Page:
Microsoft officials maintain that single-platform Dynamics will lead to easier implementations through a true best-of-breed approach that will eventually benefit companies more than the current overlapping models do.

This, however, is where the work comes in for partners. Many, if not most, Dynamics partners are focused on just one of the four ERP products -- perhaps dating back to the days when the companies that made them were still independent of Microsoft. During the second round, when the best elements of all four are combined into a single suite, having deep expertise in one product will obviously lose its value.

The Only Way Is Up
The answer? Verticals. Instead of being Navision or Axapta resellers, for instance, partners will need to re-focus providing solutions in vertical industries such as health care or finance. Reller says it's the way Microsoft is moving -- and partners should move that way, too. Microsoft's goal is to assign 50 percent of its current partner base into one of 14 verticals by June 30, 2006, its fiscal year end.

"Microsoft is increasingly adopting a vertical strategy and focus to better address the needs of its customers and create additional opportunities for partners to deliver rich solutions using Microsoft's products," Reller says. "The key to profitability is the same as it has always been -- specialize to be successful."

Alliegro says partners can line up in vertical industries as well as create practices and specific applications around vertical industries. "That's where the opportunities lie for partners," he says. "Where they don't lie is moving down-stack and trying to provide general platform capabilities." Microsoft integrated public-sector accounting capabilities into its products, for example, after purchasing a company last year with this solution. Customers at a lower platform level can now do public sector accounting, whereas partners used to provide these specific modules to accompany Dynamics GP. Alliegro says partners should always be wary of playing too close to the platform space.

Reller also says Microsoft will be there for partners making the transition. The company is pumping money into retaining existing Dynamics partners and training new ones and has established several programs to help partners deal with refocusing their strategies and expertise:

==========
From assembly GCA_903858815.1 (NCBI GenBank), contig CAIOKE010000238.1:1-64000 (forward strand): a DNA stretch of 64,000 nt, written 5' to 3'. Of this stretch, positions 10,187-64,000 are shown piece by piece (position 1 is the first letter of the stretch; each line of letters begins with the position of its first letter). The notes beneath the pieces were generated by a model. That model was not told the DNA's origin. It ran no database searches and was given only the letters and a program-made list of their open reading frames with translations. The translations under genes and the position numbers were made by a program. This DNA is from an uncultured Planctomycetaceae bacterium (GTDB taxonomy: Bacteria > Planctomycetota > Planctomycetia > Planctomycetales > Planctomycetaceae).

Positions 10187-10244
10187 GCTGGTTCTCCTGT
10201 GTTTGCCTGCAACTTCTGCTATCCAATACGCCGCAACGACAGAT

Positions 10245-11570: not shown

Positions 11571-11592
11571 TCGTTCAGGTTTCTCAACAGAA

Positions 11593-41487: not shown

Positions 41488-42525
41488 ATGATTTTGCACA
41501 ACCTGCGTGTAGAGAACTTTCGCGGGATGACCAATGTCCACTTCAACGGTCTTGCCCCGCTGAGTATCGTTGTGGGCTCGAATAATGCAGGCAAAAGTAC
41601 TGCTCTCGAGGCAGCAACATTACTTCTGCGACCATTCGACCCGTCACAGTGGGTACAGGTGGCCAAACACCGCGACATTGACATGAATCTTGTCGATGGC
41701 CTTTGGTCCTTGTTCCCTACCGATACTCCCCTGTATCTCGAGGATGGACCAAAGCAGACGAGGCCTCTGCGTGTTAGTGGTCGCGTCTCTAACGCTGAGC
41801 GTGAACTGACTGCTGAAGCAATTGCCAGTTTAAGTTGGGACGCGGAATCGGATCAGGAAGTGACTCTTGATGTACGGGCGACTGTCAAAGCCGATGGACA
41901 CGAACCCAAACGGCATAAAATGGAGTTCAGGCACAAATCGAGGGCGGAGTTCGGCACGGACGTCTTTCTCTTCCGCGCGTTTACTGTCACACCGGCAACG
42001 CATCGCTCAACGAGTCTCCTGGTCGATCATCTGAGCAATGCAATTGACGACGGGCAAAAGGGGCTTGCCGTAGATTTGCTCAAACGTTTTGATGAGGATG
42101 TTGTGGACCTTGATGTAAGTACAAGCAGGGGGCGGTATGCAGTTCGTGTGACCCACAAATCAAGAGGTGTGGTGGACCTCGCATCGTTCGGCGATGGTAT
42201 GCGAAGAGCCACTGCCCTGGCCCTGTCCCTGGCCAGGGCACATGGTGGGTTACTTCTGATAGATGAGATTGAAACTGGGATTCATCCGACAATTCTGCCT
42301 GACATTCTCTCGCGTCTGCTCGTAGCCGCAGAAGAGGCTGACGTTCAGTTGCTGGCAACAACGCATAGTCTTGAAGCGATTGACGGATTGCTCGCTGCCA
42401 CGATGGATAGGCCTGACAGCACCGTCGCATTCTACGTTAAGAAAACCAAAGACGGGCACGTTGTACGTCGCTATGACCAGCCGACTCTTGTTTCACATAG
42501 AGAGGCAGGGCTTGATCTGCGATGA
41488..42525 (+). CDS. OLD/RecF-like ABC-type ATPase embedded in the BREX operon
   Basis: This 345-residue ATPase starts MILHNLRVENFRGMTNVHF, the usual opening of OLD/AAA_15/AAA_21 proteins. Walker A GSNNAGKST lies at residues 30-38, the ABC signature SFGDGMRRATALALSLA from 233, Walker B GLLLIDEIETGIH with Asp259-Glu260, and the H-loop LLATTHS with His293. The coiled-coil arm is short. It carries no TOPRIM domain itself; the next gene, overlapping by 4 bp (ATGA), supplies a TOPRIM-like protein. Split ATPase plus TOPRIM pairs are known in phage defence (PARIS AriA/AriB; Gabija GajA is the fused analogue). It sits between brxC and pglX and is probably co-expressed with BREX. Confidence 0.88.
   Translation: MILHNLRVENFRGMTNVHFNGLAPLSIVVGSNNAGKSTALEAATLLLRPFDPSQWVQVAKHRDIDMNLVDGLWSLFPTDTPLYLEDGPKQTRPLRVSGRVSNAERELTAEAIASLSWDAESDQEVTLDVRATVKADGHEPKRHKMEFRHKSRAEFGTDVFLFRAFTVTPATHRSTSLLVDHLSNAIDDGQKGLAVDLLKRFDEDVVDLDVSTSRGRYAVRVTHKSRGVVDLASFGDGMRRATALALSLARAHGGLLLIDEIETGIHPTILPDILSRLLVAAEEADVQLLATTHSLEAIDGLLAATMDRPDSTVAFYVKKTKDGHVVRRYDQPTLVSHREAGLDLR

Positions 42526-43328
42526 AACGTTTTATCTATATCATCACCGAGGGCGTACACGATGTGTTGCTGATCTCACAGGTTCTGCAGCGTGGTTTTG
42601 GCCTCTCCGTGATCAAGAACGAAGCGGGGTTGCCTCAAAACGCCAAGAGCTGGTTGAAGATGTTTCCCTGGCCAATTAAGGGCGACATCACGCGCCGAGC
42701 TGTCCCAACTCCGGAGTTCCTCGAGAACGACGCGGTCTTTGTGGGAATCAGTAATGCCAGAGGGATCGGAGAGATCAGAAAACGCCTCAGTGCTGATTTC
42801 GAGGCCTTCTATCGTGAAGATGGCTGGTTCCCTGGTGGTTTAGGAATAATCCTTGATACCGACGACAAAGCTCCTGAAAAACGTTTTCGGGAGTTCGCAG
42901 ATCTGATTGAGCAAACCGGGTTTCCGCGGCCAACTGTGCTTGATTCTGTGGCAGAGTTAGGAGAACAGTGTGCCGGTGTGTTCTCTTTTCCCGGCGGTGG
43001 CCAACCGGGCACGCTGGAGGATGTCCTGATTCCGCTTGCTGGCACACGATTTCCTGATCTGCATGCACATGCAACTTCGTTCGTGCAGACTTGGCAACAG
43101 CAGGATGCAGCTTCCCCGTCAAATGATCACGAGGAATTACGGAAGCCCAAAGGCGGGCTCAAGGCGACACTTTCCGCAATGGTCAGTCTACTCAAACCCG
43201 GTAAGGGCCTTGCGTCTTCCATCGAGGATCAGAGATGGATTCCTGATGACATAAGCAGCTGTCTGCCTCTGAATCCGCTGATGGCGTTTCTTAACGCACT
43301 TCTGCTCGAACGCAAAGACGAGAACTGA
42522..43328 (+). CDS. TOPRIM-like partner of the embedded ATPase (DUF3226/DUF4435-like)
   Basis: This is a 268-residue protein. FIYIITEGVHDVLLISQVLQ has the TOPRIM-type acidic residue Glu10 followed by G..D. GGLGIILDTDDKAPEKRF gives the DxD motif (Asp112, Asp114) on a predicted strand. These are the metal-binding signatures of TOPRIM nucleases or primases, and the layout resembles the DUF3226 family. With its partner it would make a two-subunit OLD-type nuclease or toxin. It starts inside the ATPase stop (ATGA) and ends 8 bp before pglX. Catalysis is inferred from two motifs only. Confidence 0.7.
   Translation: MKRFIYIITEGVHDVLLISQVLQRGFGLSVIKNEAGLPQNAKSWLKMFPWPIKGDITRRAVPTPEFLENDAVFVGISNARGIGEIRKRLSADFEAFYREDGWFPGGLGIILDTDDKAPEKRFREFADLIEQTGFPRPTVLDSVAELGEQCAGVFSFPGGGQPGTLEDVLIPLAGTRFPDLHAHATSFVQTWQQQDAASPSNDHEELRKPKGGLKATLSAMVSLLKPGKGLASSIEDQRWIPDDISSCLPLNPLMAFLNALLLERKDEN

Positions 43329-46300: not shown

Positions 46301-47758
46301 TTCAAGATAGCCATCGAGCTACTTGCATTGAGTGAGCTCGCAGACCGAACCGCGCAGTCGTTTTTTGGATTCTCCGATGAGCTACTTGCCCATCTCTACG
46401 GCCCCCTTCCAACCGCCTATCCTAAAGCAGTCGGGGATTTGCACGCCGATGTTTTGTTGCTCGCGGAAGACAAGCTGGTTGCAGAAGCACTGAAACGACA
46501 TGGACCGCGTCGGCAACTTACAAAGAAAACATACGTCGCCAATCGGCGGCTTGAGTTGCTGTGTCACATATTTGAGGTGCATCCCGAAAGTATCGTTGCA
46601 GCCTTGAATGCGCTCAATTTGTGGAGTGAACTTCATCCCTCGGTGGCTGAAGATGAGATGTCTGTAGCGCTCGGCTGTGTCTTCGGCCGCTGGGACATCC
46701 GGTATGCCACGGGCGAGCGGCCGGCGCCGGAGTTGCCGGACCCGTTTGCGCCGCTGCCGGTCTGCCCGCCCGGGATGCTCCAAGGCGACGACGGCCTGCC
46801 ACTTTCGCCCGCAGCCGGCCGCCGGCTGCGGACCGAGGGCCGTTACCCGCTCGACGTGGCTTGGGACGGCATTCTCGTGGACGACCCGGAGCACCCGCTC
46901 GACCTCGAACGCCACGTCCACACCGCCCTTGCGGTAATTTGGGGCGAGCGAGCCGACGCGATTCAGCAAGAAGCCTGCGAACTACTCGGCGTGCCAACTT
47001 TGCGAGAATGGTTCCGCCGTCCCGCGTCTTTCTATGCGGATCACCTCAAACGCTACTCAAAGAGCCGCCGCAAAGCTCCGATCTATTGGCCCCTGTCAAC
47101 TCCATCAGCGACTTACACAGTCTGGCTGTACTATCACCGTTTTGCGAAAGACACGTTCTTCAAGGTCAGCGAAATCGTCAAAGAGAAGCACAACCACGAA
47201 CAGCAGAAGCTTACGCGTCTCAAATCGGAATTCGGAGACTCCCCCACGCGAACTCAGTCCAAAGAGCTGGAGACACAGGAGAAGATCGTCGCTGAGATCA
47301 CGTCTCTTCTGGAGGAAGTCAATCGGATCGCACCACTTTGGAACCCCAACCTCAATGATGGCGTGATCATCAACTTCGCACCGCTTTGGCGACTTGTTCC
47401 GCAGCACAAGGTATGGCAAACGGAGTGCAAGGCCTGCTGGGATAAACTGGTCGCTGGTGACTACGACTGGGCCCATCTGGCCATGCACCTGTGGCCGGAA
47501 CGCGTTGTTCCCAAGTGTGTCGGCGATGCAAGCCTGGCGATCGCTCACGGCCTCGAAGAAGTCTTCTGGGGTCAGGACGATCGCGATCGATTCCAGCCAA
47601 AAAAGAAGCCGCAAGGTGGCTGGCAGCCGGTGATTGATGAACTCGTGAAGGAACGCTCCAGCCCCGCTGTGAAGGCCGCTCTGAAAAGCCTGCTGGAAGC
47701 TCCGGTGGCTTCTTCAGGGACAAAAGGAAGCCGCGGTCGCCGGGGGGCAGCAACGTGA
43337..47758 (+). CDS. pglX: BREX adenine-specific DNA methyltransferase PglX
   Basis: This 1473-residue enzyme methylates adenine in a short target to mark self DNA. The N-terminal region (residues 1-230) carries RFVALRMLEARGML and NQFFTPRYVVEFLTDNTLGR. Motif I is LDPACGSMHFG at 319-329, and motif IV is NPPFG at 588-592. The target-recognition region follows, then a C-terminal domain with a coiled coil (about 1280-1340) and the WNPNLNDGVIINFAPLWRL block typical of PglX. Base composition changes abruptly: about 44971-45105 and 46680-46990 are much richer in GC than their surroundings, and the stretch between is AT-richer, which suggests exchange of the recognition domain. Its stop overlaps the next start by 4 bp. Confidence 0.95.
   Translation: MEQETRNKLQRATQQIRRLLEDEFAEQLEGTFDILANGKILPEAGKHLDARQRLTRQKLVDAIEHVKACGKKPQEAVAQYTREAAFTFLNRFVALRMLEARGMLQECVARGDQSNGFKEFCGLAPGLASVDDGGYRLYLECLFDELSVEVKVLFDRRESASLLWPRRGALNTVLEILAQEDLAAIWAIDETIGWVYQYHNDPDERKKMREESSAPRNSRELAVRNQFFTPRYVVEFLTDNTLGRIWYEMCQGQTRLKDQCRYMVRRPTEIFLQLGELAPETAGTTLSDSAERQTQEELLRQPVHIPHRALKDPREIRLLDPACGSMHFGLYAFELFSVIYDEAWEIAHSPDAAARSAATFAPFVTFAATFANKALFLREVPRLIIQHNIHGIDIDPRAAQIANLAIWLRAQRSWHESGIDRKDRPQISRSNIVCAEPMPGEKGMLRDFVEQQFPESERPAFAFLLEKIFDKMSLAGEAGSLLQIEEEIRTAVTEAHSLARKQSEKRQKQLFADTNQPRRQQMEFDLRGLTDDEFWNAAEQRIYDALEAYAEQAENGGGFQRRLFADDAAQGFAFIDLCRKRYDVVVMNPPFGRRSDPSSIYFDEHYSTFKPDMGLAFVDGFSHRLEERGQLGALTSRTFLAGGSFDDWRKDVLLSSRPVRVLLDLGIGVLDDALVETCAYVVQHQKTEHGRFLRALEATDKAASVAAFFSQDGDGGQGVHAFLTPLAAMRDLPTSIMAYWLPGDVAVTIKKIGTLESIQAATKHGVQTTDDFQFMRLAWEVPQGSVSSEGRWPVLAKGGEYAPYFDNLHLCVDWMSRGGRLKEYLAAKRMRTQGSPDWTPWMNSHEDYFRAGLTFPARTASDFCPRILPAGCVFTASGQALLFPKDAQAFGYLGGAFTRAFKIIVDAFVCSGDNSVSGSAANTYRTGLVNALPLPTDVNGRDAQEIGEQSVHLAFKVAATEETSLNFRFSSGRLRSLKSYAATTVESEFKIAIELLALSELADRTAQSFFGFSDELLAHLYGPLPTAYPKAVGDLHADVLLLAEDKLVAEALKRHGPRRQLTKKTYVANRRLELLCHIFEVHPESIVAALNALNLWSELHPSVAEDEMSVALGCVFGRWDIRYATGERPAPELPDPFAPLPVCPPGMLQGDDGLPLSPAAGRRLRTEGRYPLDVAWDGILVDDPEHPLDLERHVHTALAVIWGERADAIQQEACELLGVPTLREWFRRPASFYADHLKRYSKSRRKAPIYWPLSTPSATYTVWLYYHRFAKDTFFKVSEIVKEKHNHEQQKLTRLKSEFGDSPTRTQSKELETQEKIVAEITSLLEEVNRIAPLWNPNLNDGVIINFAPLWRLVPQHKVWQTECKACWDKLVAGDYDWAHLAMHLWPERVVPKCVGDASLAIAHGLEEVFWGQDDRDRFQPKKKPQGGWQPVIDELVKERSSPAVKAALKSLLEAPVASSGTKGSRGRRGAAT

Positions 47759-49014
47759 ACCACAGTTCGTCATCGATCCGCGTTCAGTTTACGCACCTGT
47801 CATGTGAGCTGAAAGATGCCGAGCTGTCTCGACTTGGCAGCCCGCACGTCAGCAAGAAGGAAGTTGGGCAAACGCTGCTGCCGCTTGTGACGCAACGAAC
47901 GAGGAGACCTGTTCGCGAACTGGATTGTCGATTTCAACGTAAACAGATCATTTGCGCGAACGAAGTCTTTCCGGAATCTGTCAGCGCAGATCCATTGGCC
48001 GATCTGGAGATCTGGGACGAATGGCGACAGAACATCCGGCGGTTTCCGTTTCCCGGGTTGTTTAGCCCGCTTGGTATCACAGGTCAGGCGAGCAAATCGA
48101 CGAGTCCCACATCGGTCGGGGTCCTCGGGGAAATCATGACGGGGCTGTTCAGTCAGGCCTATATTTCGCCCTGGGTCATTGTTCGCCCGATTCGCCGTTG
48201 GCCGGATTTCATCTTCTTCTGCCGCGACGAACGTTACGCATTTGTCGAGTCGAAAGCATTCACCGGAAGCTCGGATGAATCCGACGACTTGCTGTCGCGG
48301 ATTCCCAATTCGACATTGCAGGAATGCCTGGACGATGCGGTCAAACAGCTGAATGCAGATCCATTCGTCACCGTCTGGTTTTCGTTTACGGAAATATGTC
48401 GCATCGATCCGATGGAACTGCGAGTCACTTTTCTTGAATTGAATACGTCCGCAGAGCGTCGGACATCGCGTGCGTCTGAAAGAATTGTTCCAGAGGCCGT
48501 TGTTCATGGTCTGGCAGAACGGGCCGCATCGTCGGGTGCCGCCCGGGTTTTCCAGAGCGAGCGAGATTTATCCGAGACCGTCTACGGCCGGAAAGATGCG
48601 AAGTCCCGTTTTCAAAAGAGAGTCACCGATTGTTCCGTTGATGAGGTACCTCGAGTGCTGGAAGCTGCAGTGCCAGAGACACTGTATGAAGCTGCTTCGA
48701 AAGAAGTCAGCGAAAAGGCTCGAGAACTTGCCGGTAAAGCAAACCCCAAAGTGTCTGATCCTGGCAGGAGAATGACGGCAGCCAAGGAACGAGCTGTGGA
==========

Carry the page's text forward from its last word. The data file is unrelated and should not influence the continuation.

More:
• Microsoft Solution Finder, a Web-based tool that helps customers search for and connect with Microsoft partners worldwide based on their industries, locations or specific Microsoft products.
  • Microsoft Partner Solution Profiler, which allows partners to describe their company's offerings and gain exposure to customers and other Microsoft partners through several online systems, such as Microsoft Solution Finder and Microsoft Partner Channel Builder.
  • Microsoft's Partner Channel Builder, an online tool that allows all Microsoft Partner Program Registered Members to collaborate on new business opportunities.

Still, for companies that have spent years becoming product-focused experts, shifting to a vertical strategy won't be as easy as dropping in on a few Web sites. Columbus IT Partner, a Gold Certified Partner based in Brondby, Denmark, and 2005 Global Partner of the Year, acquired in January another partner focused exclusively on the food and chemical industries. Columbus IT, which has 900 employees in 22 countries and develops part of the Dynamics AX application, has been preparing a vertical strategy for years, says Jim Bertschneider, the company's managing director.

"It's not an option whether we want to do it or not," Bertschneider says of that effort. "We have to do this. The challenge is going to be for the smaller partners. There's huge potential, but also a risk."

Nevertheless, Bertschneider remains positive about Dynamics. "We have no disappointment in what they're doing," he says of Microsoft's push into that area. "We have concerns, but no disappointment. This is definitely going to be good stuff for partners."

As long as partners are prepared.